Keeping Girls in School (1603 KGIS)

Reducing adolescence-induced barriers for girls in education

  • $10,000.00

    Funding Goal
  • $1,150.00

    Funds Raised
  • 55

    Days to go
Raised Percent :
Minimum amount is $1 Maximum amount is $50000

Debbie McBurnie

4 Campaigns | 0 Loved campaigns

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About the campaign creator

Debbie McBurnie
Adjumani Bundibugyo, Uganda
4 Campaigns | 0 Loved campaigns

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While female empowerment through education is becoming increasingly realised as an effective catalyst for sustainable development and poverty alleviation, the onset of puberty has many negative implications for keeping girls engaged in schooling in the developing world. Critical factors disrupting educational outcomes for girls include:

  1. Loss of a parent
  2. Distance to school
  3. Harassment on the way to school
  4. Discrimination or bullying at school
  5. Family preference to spend limited finances on sons over daughters
  6. Lack of female teachers
  7. Puberty marking the beginning of adulthood with the following negative implications:
  8. Expectations to earn an income
  9. Domestic chores / Care of dependents
  10. Menstruation
  11. Female Genital Mutilation
  12. Child Marriage
  13. Teen Pregnancy

Adolescent girls who attend and complete their secondary schooling have reduced vulnerability to disease, delayed marriages, improved infant and child survival rates and higher economic productivity. Whilst puberty and adolescence is an inevitable fact of life, dropping out of school prematurely does not have to be.

“Whilst puberty and adolescence is an inevitable fact of life for
girls, dropping out of school prematurely does not have to be.”

This project will
1. Conduct surveys with key schools to determine if girls’ education is being disrupted by the onset of puberty and throughout adolescence.
2. Identify targeted actions that will result in keeping girls in school, such as

  1. Establish a sustainable supply of affordable and culturally appropriate sanitary products with consideration to discrete and hygienic disposal or washing, drying and storage. Accompany product supply with health and hygiene education workshops to reduce naivety, demystify misconceptions and stimulate comfortability.  Education programs must involve both genders to challenge negative attitudes and obstructive behaviour.
  2. Sensitise teachers to student menstrual needs and, where possible, allocate a member of staff as a ‘carer’ for support and pain relief.
  3. Segregate school bathrooms by gender and keep them well maintained for cleanliness and privacy. They should contain wash basins, hand soap, disposal bins, secure locks and toilet paper.
  4. Encourage families in school life through regular parent-teacher interviews and/ or functions to communicate the importance of ongoing schooling.
  5. Build on-site dormitories to reduce the necessity of travel. Each dorm should have adequate security, internal bathrooms and supportive female role models.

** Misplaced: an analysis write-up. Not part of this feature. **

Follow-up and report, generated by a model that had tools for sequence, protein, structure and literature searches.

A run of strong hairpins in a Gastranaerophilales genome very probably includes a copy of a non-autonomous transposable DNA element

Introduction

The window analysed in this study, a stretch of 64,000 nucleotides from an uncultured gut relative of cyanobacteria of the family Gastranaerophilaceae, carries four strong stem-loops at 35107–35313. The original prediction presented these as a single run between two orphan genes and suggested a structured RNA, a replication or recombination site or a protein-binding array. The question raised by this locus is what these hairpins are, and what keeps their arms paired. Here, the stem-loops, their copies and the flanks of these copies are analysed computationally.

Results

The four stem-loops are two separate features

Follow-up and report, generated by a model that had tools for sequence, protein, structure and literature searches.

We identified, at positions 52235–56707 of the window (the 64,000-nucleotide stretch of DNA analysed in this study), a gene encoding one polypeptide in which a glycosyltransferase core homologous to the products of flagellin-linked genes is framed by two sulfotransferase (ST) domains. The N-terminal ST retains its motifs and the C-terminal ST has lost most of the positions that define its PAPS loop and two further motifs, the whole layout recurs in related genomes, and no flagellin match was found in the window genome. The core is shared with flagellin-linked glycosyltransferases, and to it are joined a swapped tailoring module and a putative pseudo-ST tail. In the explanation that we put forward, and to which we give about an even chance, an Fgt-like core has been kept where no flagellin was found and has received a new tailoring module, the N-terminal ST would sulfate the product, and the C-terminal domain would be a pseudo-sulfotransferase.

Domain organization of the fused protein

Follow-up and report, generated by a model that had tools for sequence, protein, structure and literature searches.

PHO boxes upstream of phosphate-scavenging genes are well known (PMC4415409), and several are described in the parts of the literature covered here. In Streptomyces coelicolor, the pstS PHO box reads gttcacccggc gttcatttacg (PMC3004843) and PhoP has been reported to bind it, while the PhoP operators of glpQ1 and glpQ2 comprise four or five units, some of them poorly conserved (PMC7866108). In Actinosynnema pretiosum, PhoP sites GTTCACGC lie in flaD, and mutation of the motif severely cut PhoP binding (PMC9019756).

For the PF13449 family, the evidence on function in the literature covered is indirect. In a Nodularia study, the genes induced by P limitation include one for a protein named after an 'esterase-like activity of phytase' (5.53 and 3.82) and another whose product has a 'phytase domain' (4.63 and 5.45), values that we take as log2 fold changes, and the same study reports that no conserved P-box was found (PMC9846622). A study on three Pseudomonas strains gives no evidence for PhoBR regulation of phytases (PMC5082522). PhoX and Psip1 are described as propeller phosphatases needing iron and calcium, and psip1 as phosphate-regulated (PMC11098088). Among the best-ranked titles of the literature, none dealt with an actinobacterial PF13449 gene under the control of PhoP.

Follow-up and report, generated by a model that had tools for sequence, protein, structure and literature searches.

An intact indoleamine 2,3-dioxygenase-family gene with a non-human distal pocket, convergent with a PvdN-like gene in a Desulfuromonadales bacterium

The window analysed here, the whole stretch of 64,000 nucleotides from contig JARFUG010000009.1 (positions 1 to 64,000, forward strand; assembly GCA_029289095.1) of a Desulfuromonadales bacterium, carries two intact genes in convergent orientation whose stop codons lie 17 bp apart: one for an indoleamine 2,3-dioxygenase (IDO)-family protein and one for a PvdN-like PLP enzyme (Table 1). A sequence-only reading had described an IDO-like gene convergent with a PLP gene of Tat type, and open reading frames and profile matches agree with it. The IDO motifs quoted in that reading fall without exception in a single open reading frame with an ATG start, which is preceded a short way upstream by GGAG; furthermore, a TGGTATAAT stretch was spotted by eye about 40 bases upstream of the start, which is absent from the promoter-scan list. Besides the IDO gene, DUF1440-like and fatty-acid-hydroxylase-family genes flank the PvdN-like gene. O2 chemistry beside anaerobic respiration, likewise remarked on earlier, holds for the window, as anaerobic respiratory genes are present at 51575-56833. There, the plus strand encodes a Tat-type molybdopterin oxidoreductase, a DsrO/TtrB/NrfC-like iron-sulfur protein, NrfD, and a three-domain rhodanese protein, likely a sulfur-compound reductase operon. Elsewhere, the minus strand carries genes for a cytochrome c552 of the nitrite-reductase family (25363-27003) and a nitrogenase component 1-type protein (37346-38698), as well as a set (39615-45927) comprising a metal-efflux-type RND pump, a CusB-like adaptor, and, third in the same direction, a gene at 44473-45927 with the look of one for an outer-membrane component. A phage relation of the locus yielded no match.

6. Promote intergenerational dialogues and intercultural forums to foster individual opinions on FGM rather than blind submission.
  7. Facilitate platforms for professional advice from obstetricians and gynaecologists on reversal procedures and coping mechanisms.
  8. Develop community ‘safe spaces’ and case worker programmes to overcome isolation, build self-esteem and inspire leadership amongst at-risk females.
  9. Engagement with religious or traditional leaders can positively advocate anti-child marriage and dissolve inequitable gender attitudes.
  10. Creative and expressive forms of communication such as street theatre, art or public speaking stands which convey harmful impacts. Likewise, social media is becoming increasingly powerful as a means of issue awareness.
  11. Ensure access to contraception. Incorporate sex education into school curriculums which address cultural misconceptions surrounding contraception. Make family planning and mental health services available in the community to moderate risk-taking behaviour.
  12. Establish residential services in shelters or foster care to provide protection from sexual predation in unsafe neighbourhoods.


Tax Deductibility Information

Gifts $2 and over are tax deductible. To qualify for tax deductibility, gifts must be unconditional. The Trustees of the World Relief Overseas Aid Fund (ABN 96112236539) undertake to allocate your gift according to your wishes, or if that is not possible, to another similar project. Unmarked gifts will be allocated to the area of most need. Administration costs are deducted prior to disbursement. All tax deductible donations will be recorded through the issue of an annual statement at the end of the financial year.

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NameDonate AmountDate
Anonymous $1,000.00June 08, 2018
Anonymous $50.00June 08, 2018
Anonymous $100.00June 06, 2018